Hybrid power explained: what counts as a hybrid?

The confusing thing about hybrids is that they're not all the same…

As with any technology, everyone thinks that they know best and so go about an idea in different ways.

Apple makes its iPhone, Samsung makes its galaxy, and each says theirs is the best way to go about it.

And so it is with hybrid cars. Some use a small combustion engine to aid the battery power, some use a battery to help iron out imperfections in the combustion engine.

All of this leads to consumer confusion, which requires some digging to be done.

So if you don't know anything about hybrid cars, then sit back a minute and let us demystify it a little for you.

Like Jeff Goldblum's character in

The Fly

, hybrid engines are supposed to be the best of both worlds – only thankfully unlike Jeff, they're less hairy and won't destroy everything around them.

As simple as the basic idea is, what Porsche is doing isn't the same as Toyota and so on.

But as the term 'hybrid' suggests, it simply means a combination of two things. In this case, hybrid simply means a combo of a regular fueled internal combustion engine and a battery power unit. So you either have petrol-plus-battery or diesel-plus-battery, but the base idea is the same: fossil fuel + electricity.

There's also a difference around where the power for the battery comes from, and a combination of different ways can be used, such as from the engine overrun or harvesting power using regenerative braking – like on a modern Formula One car.

But as consumers get their heads around alternative powertrains, so too are they getting to grips with the idea of a plug-in hybrid becoming more popular. On say the Porsche Cayenne E-hybrid or the VW Golf GTE, for example, you can recharge the battery in the other ways already mentioned, or you can simply plug it into the mains electricity.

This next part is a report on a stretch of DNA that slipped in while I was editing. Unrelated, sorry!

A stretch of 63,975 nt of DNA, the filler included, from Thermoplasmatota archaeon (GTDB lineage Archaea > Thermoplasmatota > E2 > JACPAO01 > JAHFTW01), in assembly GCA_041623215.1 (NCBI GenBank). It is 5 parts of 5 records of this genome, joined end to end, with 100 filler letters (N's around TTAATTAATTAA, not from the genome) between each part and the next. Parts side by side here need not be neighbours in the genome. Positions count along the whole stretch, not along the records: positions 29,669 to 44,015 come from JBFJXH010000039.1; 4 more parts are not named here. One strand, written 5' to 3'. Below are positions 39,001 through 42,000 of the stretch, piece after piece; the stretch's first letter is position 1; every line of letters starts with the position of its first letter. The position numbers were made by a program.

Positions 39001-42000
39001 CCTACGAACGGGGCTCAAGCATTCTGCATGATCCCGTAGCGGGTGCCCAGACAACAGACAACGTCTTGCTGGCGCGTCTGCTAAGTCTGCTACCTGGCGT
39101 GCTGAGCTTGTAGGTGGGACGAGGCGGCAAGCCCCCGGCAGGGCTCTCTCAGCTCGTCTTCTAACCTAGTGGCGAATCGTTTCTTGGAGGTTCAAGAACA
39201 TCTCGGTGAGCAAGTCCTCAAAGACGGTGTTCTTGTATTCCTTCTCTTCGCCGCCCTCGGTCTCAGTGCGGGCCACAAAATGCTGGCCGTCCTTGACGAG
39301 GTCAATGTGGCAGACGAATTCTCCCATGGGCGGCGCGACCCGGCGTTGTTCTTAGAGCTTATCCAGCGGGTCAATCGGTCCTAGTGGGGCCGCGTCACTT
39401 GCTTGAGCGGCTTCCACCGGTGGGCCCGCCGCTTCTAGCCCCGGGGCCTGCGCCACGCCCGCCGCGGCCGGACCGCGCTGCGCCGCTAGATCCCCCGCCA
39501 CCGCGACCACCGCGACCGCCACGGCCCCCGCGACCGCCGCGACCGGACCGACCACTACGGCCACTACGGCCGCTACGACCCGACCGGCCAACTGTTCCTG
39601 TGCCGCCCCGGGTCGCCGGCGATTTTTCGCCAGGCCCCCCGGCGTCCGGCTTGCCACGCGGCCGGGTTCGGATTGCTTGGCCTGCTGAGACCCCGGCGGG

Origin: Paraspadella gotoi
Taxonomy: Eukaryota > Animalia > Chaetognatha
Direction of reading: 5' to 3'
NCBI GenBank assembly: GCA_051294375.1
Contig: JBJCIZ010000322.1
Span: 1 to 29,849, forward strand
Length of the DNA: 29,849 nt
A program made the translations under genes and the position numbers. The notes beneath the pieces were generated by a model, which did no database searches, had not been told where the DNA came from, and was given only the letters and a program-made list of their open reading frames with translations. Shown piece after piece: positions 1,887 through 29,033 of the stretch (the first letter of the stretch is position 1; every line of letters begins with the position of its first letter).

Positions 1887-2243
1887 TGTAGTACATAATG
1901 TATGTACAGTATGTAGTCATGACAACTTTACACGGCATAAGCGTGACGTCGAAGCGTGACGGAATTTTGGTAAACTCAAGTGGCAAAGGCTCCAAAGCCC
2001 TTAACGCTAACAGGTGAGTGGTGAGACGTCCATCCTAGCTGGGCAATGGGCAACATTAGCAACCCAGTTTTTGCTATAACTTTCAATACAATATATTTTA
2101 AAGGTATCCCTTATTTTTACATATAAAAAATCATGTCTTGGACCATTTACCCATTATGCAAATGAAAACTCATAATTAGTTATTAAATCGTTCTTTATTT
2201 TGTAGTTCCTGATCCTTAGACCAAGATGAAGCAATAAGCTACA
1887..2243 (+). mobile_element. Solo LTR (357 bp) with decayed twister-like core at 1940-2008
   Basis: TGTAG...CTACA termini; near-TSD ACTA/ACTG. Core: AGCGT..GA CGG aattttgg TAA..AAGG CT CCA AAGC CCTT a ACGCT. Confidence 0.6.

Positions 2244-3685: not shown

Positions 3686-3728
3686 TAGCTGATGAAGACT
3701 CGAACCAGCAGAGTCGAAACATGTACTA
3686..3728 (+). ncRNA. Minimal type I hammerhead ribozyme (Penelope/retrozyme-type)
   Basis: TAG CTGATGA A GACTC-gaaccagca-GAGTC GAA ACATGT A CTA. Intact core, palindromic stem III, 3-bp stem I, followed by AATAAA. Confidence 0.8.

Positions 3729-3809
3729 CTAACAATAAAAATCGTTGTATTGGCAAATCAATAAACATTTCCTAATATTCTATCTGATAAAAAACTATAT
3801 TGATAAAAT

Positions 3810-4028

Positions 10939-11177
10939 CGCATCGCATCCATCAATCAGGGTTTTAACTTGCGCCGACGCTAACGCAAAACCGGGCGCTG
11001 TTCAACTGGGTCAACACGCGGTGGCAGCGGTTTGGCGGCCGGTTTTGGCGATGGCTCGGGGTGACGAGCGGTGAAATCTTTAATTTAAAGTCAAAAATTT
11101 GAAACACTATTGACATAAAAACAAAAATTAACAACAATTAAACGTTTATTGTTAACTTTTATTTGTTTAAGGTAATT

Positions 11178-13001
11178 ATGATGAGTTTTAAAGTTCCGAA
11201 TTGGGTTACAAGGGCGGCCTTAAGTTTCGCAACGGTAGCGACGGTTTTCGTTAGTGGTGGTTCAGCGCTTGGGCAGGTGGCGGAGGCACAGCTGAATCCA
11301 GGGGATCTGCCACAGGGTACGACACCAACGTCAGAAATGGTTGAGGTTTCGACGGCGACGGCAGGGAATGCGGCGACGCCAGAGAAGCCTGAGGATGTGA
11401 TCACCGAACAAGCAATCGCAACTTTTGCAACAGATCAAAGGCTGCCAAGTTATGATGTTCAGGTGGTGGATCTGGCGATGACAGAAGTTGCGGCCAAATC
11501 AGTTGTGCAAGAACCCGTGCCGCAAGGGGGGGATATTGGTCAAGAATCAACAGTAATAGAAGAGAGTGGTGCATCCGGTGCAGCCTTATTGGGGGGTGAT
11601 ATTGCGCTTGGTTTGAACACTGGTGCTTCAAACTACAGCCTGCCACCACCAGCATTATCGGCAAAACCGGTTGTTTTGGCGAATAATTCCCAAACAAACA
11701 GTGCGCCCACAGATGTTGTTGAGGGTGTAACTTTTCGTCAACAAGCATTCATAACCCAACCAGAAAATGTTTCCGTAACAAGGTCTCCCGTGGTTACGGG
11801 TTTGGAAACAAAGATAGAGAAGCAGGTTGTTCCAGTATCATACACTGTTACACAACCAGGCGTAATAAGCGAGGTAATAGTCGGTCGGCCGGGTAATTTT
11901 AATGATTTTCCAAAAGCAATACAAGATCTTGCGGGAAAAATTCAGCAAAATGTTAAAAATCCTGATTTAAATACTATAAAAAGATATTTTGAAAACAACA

So you can, if you want, literally charge it up from a wall socket in your home, and then off you go.

You can drive on just battery alone, but again it's slightly confusing. Some hybrids use a little electric motor to improve the efficiency of a 'normal' combustion engine, and some use a regular engine to improve the range of a large electric motor that powers the wheels – again, no one can agree on what's best.

Using the Porsche again as an example, you can choose when to use it in battery only mode, and drive around whisper quiet like Knight Rider's K.I.T.T. which is, we have to admit, a cool thing to do – you can also do this in McLaren's bonkers hypercar, the P1, which is frankly freaking awesome!

You'll then find that the car does what's best depending on what situation you're in, if you've got a charged battery. So at motorway speeds you'll be using the petrol engine, but should you arrive at stop-start traffic, it'll switch to battery power.

This combination of power source use is where the term 'hybrid' is best understood – to use the best power unit choice in specific circumstances.

So that's it, your introduction to hybrids.

On the surface it seems like a murky world, but in reality once you've got your head around the basics it becomes much easier to get your head around.

And this is exactly the sort of problem being faced by car manufacturers right now, that there's so many mixed messages out there that consumers back away from the choice and stick to what they know.

As with everything, the best way to understand how it works is to use it, so even if you're not considering buying a hybrid but are interested, then Google 'book a test drive', sign up for one on a free Saturday morning and have a go.

Who knows, it might turn your head…